It looks like some Alabama judges are trying to use a segregation-era law to deny same-sex couples their constitutional right to marry.
From Arkansas Online:
In 1961, as Alabama's all-white Legislature tried to preserve racial segregation and worried about the possibility of mixed-race marriages, lawmakers rewrote state law to make it optional for counties to issue marriage licenses.
Now, some judges who oppose same-sex marriage are using the long-forgotten amendment to get out of the marriage business altogether rather than risk issuing even one wedding license to same-sex couples. In at least nine of Alabama's 67 counties, judges have quit issuing any marriage licenses since the U.S. Supreme Court legalized same-sex unions in June...
Nick Williams, a Baptist minister who also serves as probate judge in Washington County, is among those who have left the marriage-license business. He says issuing a license for a same-sex union would violate his Christian beliefs...Judges in three adjoining counties stopped issuing licenses for similar reasons, creating a region in southwestern Alabama where marriage licenses aren't available for 78,000 people.
You may have rolled your eyes when your high school English teacher told you this, but the Alabama judges' reprehensible behavior shows just how important word choice can be. According to the article, the 1961 amendment declares that probate judges "may" issue marriage licenses in their counties, not that they "shall" issue them. The difference is subtle, but the "may" in this instance makes these government officials believe that they have the choice to grant marriage licenses as opposed to a responsibility. Probate judges could use this to avoid sanctioning mixed-race marriages in the 1960's, and they are trying to use the law now to shut out same-sex couples. Of course, it remains to be seen whether they’ll get away with it, since a state statute doesn’t trump couples’ constitutional rights.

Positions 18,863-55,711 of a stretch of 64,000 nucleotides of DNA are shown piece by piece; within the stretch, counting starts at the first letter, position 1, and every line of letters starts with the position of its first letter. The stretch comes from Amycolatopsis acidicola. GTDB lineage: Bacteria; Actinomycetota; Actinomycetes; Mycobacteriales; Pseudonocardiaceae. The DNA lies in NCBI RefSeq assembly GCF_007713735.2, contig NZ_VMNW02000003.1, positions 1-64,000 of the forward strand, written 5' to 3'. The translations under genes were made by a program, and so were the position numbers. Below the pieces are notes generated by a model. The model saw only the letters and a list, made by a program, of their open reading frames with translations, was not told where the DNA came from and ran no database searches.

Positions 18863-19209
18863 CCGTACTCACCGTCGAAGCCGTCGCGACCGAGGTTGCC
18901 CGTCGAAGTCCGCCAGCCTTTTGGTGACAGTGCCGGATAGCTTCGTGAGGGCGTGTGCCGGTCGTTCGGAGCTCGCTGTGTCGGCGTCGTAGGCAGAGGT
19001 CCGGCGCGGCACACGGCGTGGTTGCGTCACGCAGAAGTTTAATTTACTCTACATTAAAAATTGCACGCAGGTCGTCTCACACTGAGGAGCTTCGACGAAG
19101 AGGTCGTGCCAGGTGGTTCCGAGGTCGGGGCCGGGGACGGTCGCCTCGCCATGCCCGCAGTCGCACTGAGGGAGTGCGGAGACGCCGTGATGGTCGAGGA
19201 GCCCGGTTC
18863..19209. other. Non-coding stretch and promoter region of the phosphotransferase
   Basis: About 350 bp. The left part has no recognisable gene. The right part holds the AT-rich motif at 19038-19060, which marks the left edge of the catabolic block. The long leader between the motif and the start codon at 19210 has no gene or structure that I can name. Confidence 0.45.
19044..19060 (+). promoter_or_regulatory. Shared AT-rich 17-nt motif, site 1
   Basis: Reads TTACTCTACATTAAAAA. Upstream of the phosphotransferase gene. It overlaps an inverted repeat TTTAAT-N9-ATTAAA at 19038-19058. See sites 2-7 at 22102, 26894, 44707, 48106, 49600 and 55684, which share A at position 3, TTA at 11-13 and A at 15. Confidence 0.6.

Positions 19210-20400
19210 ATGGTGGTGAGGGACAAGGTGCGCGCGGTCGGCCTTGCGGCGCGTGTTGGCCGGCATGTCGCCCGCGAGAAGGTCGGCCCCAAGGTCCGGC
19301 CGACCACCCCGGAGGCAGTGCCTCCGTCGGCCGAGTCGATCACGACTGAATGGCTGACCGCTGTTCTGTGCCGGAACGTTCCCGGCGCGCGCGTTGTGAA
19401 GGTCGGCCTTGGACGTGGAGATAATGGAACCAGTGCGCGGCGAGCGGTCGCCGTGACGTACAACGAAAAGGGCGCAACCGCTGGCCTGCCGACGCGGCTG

History, they say, has a way of repeating itself. Alabama may be resurrecting its hateful past to discriminate against LGBT Americans today, but its actions will be viewed by the next generation with the same revulsion as state-sanctioned segregation is in 2015.